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Museum of London Docklands launches new display in collaboration with Mind and Taking Shape Association

Museum of London Docklands has today opened Holding Emotions, a new display in collaboration with mental health charity Mind and youth organisation Taking Shape Association. The community-led display offers a space for people to connect and confront the complexity of emotions that they may feel after visiting the museum’s London, Sugar & Slavery gallery, one of the only permanent displays in the UK dedicated to the history of the transatlantic trade of enslaved people.

The display offers a range of mindfulness tools to help people confront emotions sparked by the gallery. It asks them to consider how we can reclaim objects and emotions connected to these histories, and invites people to sit, pause and contribute their own reflections to the space.

Holding Emotions was created in collaboration with a group of young people from Taking Shape. Over two days, they worked with specialist practitioners from Mind and staff from the Museum of London Docklands to explore wellness tools, the language of emotions, and the history of the transatlantic trade of enslaved people. The rich discussions that resulted from these sessions are reflected through the display, including a video of artistic responses from the group.

Shereen Hunte, Engagement Manager, Museum of London Docklands said: “Many assume museums are fixed places of history, rooted in the past. However, these buildings are brimming with personal community stories which spark an array of emotions in visitors. The London, Sugar & Slavery gallery is one of only a few galleries of its kind and we recognise that the history told in this space is important but naturally, emotional. We hope Holding Emotions will provide a space for people to explore these feelings. We’re grateful to our partners at Mind for informing this process, and the young people at Taking Shape for moulding the display.”

Kevin Stuart, CEO, Taking Shape Association, said: “Through our community programmes, we provide holistic support to young people to help them with their wellbeing. Resilience, emotional intelligence and spiritual awareness are all incredibly important skills, particularly when confronting difficult subjects like this. It’s really important we give our young people an opportunity to process, engage and reclaim their history and give them the chance to have their voices heard. I’m hugely proud of what our group have achieved with this display.”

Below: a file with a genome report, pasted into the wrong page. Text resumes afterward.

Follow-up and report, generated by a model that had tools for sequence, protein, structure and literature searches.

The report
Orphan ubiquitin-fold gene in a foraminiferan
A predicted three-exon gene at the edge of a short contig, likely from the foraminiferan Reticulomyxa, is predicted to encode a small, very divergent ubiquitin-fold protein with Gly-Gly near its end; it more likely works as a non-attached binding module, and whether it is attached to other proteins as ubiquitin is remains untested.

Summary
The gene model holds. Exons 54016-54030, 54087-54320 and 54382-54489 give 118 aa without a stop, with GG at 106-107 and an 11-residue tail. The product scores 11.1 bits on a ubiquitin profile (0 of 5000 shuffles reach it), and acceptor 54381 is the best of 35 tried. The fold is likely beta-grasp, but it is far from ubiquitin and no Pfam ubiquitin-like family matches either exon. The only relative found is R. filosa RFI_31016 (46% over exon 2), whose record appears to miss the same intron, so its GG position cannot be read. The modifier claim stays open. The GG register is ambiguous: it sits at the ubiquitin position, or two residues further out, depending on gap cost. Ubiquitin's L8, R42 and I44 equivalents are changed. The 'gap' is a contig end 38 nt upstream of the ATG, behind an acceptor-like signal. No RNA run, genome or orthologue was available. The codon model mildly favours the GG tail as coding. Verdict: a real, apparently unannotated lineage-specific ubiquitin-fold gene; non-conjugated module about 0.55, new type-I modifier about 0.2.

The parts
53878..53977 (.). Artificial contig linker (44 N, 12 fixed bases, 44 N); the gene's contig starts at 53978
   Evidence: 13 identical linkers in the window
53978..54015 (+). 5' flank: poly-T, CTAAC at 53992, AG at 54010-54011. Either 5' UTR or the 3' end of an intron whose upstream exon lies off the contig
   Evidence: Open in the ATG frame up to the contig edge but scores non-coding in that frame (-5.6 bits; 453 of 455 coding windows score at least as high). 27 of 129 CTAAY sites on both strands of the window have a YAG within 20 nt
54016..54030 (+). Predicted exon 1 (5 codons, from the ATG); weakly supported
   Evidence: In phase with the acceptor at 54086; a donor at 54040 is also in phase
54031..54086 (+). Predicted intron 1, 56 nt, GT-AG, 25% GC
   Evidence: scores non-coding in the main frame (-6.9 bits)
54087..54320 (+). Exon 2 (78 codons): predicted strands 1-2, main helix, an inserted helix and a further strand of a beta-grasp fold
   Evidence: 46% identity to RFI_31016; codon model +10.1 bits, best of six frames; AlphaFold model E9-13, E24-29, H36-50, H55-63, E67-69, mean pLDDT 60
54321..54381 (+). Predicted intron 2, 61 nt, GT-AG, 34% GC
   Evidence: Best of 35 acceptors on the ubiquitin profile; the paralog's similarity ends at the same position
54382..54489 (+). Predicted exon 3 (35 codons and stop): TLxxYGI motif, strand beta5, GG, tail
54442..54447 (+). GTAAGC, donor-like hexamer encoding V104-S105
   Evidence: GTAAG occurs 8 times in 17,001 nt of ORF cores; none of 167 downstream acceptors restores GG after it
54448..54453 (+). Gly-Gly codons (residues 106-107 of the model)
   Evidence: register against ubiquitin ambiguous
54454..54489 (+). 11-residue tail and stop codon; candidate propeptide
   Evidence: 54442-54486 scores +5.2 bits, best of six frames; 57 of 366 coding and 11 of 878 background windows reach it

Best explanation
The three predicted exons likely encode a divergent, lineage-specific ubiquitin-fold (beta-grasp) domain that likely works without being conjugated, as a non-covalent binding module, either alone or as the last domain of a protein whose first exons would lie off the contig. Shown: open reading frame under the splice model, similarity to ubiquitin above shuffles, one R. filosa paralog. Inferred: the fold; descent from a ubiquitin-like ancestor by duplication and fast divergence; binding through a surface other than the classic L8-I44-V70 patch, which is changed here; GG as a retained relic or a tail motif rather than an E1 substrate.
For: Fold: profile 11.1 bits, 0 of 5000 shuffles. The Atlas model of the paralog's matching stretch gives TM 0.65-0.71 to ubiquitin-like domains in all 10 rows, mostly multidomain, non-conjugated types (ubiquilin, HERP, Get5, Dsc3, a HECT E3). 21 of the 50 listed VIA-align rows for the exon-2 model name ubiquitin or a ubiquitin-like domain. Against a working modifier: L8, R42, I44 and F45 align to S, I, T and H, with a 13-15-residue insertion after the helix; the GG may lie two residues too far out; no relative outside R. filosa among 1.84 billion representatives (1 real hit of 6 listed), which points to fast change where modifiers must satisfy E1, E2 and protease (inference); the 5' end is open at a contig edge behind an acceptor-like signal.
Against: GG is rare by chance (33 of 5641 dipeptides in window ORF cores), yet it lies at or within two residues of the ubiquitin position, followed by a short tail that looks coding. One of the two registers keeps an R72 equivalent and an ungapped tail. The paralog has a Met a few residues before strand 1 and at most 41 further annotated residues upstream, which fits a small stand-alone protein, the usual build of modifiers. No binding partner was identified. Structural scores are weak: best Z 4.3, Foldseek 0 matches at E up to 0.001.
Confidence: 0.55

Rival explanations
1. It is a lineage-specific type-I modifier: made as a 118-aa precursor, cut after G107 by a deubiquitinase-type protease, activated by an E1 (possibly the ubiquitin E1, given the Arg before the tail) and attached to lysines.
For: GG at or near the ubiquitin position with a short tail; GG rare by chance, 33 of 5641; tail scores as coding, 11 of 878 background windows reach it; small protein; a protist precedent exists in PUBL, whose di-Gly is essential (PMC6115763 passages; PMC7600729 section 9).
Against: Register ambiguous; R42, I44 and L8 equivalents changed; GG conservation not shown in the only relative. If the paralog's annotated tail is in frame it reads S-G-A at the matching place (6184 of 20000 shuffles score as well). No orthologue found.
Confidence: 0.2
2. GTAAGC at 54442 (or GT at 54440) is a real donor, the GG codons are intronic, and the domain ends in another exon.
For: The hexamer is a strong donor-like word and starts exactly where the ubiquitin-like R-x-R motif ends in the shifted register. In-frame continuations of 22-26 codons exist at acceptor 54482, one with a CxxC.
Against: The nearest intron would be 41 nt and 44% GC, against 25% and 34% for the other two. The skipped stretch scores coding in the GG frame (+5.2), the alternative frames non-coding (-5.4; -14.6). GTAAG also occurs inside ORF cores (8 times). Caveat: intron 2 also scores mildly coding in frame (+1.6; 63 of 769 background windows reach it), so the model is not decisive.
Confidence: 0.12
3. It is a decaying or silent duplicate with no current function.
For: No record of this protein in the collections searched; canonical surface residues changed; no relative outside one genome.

Bethany Thompson, Senior Race Equity Project Officer, Mind said: “This has been a fantastic opportunity to work together with the culture and heritage sector to see how we can support mental wellbeing in our public spaces. We’re really pleased to be working with Museum of London Docklands to champion this approach with Holding Emotions. It’s a great example of how museums can address important aspects of our history whilst supporting the communities they serve.”

Holding Emotions is supported by funding from Arts Council England. A new monthly family programme inspired by the London, Sugar & Slavery gallery will launch in April this year. New school sessions linked to the gallery will be available for teachers to book from September 2024.

Notes for editors

Press images are available here.

About The Museum of London Docklands

The Museum of London Docklands is located at West India Quay in east London. Opened in 2003, it occupies one of the few remaining original grade one listed warehouses, built in 1802 to store produce from the West Indies.

A shared place in the heart of the East End, where stories cross and collide, it confidently shows how international trade, migration, enslavement and the river Thames were integral to shaping London and the world we live in today.

The museum is open 7 days a week, from 10am-5pm and is FREE to all. You can explore the Museum of London with collections online – home to 90,000 objects with more being added regularly.